The Nobel Peace Prize winner died at his home in Houghton, Johannesburg on December 5 at the age of 95.

Books of Condolence have been opened in the Lady Chapel at the Minster, The Mandela Centre and Reginald Centre on Chapeltown Road and Leeds Civic Hall for members of the public to sign.

The Minster is open Mondays to Fridays from 9am to 3pm, and on Saturdays from 9am to 1pm.


- Leeds Minster is on Kirkgate, Leeds, LS2 7DJ

- For more information or to arrange pictures and filming, please contact:

Canon John Carter,
Press and Communications Officer
Diocese of Ripon and Leeds
Tel: 07798 652707


Stuart Robinson
Communications Officer
Leeds City Council
Tel: 0113 224 3937
Email: stuart.robinson@leeds.gov.uk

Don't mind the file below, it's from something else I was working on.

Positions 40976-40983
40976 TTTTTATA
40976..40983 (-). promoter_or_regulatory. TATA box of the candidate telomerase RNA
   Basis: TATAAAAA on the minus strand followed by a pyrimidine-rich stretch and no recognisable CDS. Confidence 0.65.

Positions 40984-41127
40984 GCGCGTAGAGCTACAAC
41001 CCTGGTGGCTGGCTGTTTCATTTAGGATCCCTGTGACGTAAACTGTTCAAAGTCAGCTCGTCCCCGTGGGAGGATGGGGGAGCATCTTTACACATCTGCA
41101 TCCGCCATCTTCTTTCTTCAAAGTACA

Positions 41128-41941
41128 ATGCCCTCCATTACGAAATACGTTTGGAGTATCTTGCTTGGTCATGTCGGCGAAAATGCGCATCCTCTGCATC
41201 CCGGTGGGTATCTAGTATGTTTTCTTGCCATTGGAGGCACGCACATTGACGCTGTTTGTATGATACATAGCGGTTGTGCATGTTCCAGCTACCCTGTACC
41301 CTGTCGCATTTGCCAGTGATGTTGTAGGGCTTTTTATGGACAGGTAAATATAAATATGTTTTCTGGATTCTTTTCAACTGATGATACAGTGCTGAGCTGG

Good progress being made with new bin service

Nearly half of all homes in Leeds now have their green recycling bin picked up more frequently.

Early indications show that the latest residents to receive the new bin service are adapting well to the changes.

Another 113,000 households recently switched to the more frequent green bin collections and the majority of residents have taken the change in their stride.

Green bins are now picked up one week and black bins the next week from 48% of homes across Leeds.

The new bin service is central to the council’s plans to help the city recycle 55% of waste by 2016.

An information pack was sent to residents to help them prepare for the changes. Recycling advisers have been providing guidance in the run up to the new service starting.

The recycling advisers can now be seen out and about supporting residents and crews on bin collection days. They will continue to provide dedicated help where needed.